A Spirited Defense of George Rogers Clark

George Rogers Clark

I reproduce here a letter from state Sen. Chap Petersen, D-Fairfax, who attended the University of Virginia and lived across West Main Street from the statue of George Rogers Clark. He addressed the letter to UVa President Jim Ryan and the Board of Visitors. — JAB

I want to write, firstly, to acknowledge and express my appreciation at the University’s decision to conduct its Commencement activities in-person and without any undue restrictions. As a parent of a graduating student, it made a difference.

Secondly, I want to register my disappointment at the decision to remove the George Rogers Clark statue from its traditional location on West Main Street and presumably place it somewhere so it will never be seen again. What a mistake.

Although little known today, George Rogers Clark was an enormous figure in the early history of the United States. During the Revolutionary War, the British crown controlled the territory west of the Appalachian Mountains and waged war against their former colonists through the services of local tribes, primarily Shawnee. During that time, the British General Henry Hamilton (a.k.a. “the Hair Buyer”) paid a bounty for the scalps of American settlers, including women and children, who lived alone on the frontier and were largely defenseless.

In response, Clark organized a small force of Virginians to cross the mountains and invade “the Northwest” via the Ohio River, which eventually carried him to the Mississippi River. Assisted by native guides, Clark’s band laid siege and then captured Hamilton at Vincennes, after traveling hundreds of miles through back country in the middle of winter. It remains one of the most audacious campaigns in American history.

Clark’s 1778 campaign and his ability to hold the remote region against British counter-attacks led directly to that area becoming part of the United States at the Treaty of Paris. Eventually, Congress would create five states (Ohio, Indiana, Illinois, Michigan and Wisconsin) out of the Northwest Territory, all of which became free states. It is fair to say that without Clark’s efforts there would have been no migration to the West, no Louisiana Compromise, and, certainly, no Big Ten football conference.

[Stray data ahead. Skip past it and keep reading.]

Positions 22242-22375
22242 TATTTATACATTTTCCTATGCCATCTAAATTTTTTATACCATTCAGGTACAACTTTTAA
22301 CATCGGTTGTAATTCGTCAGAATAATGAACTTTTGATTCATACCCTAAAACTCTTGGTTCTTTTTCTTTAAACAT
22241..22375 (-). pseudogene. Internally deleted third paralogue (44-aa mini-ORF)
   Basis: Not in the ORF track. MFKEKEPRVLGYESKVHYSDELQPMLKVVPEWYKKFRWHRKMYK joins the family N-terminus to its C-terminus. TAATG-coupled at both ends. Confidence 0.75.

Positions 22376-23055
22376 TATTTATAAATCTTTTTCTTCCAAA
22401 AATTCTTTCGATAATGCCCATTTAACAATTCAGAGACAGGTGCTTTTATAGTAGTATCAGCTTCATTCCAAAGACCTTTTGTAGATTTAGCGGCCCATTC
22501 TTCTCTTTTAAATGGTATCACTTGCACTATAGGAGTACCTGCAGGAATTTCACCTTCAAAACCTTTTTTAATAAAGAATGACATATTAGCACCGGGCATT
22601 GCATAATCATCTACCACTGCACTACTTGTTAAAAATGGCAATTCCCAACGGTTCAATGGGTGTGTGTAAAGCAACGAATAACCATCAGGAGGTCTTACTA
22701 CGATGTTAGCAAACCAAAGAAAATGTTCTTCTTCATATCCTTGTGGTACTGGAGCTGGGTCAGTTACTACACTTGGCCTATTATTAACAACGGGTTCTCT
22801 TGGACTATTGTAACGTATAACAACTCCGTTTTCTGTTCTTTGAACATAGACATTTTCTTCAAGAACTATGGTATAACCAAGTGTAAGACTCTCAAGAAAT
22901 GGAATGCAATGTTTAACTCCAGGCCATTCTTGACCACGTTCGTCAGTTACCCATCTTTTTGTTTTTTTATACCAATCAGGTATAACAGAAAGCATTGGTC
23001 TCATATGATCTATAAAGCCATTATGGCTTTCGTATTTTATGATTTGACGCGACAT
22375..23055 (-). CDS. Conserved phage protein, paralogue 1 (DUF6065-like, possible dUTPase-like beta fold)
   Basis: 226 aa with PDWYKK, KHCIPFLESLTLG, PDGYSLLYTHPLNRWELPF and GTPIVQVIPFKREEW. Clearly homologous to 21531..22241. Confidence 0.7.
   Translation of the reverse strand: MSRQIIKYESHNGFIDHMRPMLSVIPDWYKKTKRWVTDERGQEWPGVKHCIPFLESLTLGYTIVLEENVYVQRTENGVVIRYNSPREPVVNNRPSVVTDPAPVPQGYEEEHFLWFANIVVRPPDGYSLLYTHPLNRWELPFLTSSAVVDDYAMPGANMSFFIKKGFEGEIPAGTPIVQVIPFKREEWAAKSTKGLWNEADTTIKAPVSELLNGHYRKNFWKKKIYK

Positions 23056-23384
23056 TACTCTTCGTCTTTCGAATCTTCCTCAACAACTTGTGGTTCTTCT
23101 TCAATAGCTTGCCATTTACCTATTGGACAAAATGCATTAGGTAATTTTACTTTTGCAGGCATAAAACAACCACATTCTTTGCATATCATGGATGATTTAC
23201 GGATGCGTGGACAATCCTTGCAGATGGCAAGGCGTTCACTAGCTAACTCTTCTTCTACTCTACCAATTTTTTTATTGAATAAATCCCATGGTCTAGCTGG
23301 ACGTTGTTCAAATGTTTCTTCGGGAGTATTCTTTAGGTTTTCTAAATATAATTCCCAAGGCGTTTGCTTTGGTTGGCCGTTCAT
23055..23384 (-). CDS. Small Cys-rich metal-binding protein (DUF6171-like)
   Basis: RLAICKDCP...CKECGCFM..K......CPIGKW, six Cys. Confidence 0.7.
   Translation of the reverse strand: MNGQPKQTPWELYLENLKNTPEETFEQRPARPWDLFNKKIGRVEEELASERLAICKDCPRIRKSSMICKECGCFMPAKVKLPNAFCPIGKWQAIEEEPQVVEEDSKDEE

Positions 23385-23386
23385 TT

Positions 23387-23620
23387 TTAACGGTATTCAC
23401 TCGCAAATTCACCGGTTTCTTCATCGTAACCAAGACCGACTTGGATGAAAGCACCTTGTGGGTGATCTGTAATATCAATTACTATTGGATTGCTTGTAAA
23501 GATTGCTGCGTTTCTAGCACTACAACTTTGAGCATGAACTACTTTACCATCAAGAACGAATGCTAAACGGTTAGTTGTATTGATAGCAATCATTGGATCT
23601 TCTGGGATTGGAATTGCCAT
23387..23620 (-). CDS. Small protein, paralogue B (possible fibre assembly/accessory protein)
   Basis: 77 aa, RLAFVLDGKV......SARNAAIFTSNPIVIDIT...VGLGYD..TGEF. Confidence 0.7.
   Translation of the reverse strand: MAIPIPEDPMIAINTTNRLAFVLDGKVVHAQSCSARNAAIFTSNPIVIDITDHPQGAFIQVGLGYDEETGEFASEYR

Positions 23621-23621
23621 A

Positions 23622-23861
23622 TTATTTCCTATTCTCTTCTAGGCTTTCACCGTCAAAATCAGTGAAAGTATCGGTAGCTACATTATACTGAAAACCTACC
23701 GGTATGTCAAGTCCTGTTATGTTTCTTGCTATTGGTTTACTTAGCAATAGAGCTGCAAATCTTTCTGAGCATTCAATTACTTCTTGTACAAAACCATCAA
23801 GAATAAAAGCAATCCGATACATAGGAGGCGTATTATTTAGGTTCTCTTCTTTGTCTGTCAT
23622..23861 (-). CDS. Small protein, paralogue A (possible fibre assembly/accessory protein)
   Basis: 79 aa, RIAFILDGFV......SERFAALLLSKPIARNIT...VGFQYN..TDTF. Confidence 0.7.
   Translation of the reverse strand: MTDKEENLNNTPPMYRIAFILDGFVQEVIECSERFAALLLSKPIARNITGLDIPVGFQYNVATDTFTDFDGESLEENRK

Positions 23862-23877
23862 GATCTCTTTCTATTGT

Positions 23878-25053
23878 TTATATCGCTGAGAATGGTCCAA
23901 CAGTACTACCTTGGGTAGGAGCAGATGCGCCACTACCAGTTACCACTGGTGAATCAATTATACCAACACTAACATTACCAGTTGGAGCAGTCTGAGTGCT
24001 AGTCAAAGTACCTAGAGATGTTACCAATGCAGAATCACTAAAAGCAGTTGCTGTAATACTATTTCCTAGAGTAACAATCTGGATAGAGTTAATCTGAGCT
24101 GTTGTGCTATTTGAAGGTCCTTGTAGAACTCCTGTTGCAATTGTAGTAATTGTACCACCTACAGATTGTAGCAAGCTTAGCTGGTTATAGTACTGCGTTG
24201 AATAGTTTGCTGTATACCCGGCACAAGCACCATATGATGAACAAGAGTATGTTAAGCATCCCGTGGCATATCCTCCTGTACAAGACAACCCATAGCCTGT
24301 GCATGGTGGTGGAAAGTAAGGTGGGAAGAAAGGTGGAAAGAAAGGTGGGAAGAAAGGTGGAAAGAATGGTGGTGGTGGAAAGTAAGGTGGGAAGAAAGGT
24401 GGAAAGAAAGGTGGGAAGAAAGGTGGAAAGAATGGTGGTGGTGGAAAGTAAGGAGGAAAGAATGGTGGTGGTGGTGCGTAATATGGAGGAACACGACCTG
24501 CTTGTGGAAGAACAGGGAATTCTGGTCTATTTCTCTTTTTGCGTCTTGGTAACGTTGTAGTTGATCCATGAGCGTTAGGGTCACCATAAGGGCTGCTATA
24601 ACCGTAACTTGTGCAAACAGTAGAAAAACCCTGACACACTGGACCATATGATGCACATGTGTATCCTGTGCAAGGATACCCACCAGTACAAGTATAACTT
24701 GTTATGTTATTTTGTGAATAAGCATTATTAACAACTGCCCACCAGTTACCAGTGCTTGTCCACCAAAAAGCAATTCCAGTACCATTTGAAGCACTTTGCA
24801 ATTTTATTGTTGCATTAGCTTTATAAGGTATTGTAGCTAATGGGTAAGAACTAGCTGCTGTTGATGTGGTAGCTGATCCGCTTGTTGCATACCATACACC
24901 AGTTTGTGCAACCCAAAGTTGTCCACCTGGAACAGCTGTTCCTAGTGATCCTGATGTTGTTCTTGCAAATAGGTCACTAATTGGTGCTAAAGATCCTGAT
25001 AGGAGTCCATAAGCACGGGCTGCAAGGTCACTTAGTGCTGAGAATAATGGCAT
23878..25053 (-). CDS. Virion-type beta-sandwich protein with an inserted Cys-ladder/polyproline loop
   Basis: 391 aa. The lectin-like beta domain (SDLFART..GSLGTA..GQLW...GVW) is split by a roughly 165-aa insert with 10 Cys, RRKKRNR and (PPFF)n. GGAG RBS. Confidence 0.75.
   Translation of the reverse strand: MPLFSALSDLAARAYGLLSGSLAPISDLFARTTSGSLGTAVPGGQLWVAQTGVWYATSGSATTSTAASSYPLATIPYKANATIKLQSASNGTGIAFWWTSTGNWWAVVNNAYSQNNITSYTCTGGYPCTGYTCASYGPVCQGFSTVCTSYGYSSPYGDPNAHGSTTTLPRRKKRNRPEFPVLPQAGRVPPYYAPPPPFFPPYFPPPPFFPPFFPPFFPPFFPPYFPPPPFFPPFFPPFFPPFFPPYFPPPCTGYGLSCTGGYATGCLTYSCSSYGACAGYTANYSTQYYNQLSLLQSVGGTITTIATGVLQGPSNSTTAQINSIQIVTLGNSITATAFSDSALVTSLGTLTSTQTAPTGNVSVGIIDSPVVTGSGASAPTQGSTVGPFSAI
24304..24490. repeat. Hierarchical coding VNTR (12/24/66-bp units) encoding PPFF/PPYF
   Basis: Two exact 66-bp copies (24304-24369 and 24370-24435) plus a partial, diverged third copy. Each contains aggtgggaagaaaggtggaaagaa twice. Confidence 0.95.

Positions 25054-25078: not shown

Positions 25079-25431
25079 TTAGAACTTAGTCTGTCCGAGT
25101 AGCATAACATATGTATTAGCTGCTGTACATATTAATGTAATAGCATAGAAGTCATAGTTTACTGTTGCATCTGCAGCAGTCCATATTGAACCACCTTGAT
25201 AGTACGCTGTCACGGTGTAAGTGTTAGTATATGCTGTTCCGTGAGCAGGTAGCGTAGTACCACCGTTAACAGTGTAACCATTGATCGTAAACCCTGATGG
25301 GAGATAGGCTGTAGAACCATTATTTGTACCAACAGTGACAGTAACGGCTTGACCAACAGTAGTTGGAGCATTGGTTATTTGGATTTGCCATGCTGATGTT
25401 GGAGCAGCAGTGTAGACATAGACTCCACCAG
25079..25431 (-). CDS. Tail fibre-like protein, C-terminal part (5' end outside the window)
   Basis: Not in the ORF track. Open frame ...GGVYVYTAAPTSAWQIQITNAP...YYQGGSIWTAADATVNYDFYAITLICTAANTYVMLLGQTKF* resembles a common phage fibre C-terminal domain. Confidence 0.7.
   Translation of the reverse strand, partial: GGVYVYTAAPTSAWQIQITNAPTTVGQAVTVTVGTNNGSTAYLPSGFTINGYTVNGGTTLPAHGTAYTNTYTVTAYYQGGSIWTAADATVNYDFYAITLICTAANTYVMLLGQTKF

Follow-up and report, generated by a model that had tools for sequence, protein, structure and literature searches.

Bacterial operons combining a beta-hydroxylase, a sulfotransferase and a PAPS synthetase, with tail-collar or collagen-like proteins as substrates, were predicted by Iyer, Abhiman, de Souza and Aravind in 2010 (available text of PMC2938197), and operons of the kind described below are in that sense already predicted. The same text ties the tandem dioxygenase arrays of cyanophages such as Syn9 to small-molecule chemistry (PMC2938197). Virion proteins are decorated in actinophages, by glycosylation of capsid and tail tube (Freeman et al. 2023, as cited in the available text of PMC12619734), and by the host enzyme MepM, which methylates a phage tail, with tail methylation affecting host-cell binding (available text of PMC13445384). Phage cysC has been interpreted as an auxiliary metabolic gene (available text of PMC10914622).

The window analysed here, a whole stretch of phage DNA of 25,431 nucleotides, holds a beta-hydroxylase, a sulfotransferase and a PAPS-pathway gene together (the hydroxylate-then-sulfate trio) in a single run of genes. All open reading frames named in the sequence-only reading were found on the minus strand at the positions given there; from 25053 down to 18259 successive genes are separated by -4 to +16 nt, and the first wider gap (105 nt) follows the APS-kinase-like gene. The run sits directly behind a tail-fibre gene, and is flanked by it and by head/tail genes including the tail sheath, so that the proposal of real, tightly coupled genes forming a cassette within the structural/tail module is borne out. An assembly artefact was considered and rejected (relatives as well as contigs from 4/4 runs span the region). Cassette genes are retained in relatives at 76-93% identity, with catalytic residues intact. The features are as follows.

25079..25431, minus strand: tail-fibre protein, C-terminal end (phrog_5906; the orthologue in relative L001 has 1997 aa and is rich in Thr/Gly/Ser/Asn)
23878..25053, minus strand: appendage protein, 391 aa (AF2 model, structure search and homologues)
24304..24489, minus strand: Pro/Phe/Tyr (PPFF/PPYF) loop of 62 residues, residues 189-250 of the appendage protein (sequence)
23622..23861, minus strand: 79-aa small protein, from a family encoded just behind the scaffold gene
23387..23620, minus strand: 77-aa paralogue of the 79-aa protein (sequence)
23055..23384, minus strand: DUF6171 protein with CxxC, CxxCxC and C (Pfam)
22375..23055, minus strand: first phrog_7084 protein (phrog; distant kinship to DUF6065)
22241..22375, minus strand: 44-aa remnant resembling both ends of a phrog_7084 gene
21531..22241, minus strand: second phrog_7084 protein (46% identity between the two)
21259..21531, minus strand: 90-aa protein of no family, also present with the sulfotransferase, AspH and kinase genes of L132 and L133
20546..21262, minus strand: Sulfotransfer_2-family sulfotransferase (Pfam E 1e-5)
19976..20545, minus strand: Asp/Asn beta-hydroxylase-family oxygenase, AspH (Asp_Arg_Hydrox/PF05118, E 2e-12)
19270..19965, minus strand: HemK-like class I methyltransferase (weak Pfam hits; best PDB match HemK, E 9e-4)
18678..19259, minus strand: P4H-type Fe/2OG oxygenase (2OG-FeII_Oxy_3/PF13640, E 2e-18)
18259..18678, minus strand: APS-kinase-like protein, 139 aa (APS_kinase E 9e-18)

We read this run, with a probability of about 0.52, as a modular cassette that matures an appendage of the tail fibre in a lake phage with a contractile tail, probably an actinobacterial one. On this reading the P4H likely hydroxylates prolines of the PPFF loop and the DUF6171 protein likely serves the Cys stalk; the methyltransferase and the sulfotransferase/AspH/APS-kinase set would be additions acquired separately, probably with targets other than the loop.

It is a fair critique to say that Clark was invading tribal lands by attacking Ohio, although those same tribes recognized the suzerainty of the British crown and were seeking the destruction of the United States. More importantly, the intentional diminution of Clark’s efforts because of his skin color shows an astonishing lack of perspective, as well as the “bias” that this Board claims to oppose. It also ignores history.

The conquering of the American continent was a violent and brutal undertaking. Aggression and atrocity were omnipresent, particularly against the American Indians. But it was also a historical reality that created a nation which is (and remains) a unique experiment in the history of man. Assuming that the United States could have been created without warfare and violence is an act of intellectual malpractice.

There is no need to “apologize” for the actions of George Rogers Clark or “contextualize” them. With a handful of men, he conquered the Northwest and made it part of the United States, thus assuring our national would become more than just an East Coast enclave. That is an achievement that none of us can comprehend, much less duplicate.

In closing, I note that the $400,000 being used to “remove” the statue could be far more beneficially allocated to award scholarships to native Americans, some of whom still live in dire circumstances. That would actually help someone, as opposed to an academic “dialogue” with a predictable anti-American bias. To that end, I am copying my client Eunice Davidson, Spirit Lake Sioux member and current President of the Native American Guardians Association, if you all choose to pursue that direction.